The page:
NEW BREMEN — A local village will be looking into expanding its zoning options after holding a public meeting Monday night.
After being approached by two groups — who were turned down — to change the village’s zoning policies in the Washington Street area, the village held a public meeting to hear residents’ thoughts on expanding the zoning area. The village currently has a C-1 commercial area on Washington Street from Monroe Street south to Plum Street, and officials were wanting to look into expanding further south on Washington Street.
“It feels like we’re missing something in that area on Washington Street,” Mayor Jeff Pape said. “If somebody has a small business in their home, Washington lends itself towards that. People who are operating in their house right now, this would give them something that has more street traffic.”
Pape said he wanted to hold Monday night’s meeting to find out residents’ opinions on the zoning.
“We are thinking of keeping the area as it is, yet allowing small businesses that may come out,” he said. “If need be to accommodate this thing, we can make the zoning restrictive enough where if they have off-street parking, that may be in the back of the house.”
A resident in attendance said his biggest concern would be with parking — he noted a spot currently near his home where it is hard to see around the vehicles that park there all day.
“The major issue is parking, we know that,” Pape said, adding the village would look into placing a yellow line or something because it is a safety issue near that person’s home.
Another resident said she was open to the idea — it would have come in handy when she had her home on the market.
“We could have sold our residence three times if it would’ve been commercial,” she said. “Sometimes when you have an in-home business, like with a real estate office, they don’t have much parking there all day.”
Her home, the resident noted, was taken off the market.
“We took it off the market,” she said. “I think the impression is if you have a house on the market for three years, something is wrong with it. That’s why we’re here — we’d love to sell it to a business if they’re interested.”
The resident also suggested looking at each case individually.
“That way you have the power to say ‘yes’ or ‘no’ to what goes in there,” she said. “If a business is there and they decide to sell five or 10 years down the road, you could decide what goes in there — if they sell, it would have to go back to zoning.”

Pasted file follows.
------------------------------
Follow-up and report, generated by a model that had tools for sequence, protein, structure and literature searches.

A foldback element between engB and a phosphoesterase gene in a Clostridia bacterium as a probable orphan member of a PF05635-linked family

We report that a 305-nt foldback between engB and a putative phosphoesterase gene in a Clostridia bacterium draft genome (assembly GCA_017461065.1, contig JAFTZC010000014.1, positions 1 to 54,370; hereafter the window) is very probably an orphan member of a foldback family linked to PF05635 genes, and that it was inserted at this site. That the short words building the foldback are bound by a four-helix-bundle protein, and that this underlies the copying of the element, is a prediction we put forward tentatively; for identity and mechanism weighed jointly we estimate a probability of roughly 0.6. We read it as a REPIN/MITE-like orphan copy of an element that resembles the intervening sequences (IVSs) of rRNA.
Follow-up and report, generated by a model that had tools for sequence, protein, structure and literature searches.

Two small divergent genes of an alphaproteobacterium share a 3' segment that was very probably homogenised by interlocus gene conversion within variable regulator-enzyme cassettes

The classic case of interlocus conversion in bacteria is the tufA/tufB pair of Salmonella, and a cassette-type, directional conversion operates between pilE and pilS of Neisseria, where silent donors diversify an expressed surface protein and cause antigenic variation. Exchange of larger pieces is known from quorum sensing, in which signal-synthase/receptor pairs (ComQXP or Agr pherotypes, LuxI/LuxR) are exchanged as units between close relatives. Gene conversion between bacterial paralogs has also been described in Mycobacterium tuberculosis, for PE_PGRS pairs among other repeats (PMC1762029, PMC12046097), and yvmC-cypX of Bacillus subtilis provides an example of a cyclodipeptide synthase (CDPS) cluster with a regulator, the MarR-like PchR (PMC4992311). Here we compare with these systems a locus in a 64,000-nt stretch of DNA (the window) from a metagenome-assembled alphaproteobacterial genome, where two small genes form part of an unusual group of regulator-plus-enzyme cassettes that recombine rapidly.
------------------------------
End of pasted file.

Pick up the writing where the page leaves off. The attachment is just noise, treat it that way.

Dale Grillot, a member of the village’s planning commission, suggested coming up with an additional zoning area.
“Do we need a third type of zoning that is very restrictive — it has to maintain that residential look,” he said. “Do we need something different along 66 — maybe make zoning specific for that area because it is a main thoroughfare, do we do something special for that?”
Grillot said he had a few concerns — alley access for parking would not be permitted, the signage would be very small, there would be a pull-out clause if they closed the business and growth off Ohio 66, such as the residences on Canal and Walnut streets that back up to the possible business.
“I think there’s some way to do something like this to untie our hands,” he said.
Pape noted his concern was if a business went into a house, gutted it, left and then it went back to residential, which would mean more work for a potential new resident.
Another resident said he liked the idea because “for a small business owner, with the high costs of leases, it would be more economical to buy a home.”
Southwestern Auglaize County Chamber of Commerce Director Scott Frey said he thought the zoning changes would be beneficial to the village and would lure more businesses to the town.
“It would be good for the economy,” he said. “People have left town — there isn’t a lot of space to open a new business.”
He said he liked the idea.
“If we could create more opportunities for new businesses, go through the proper channels and get it set up right, I think we’ve got a good idea here,” he said. “You can do some nice things and the village would become more of a destination for businesses and shopping.”
Pape said the idea would go back to the zoning board, and he noted “nothing would be approved without another public meeting.”
“I feel good about moving forward,” he said.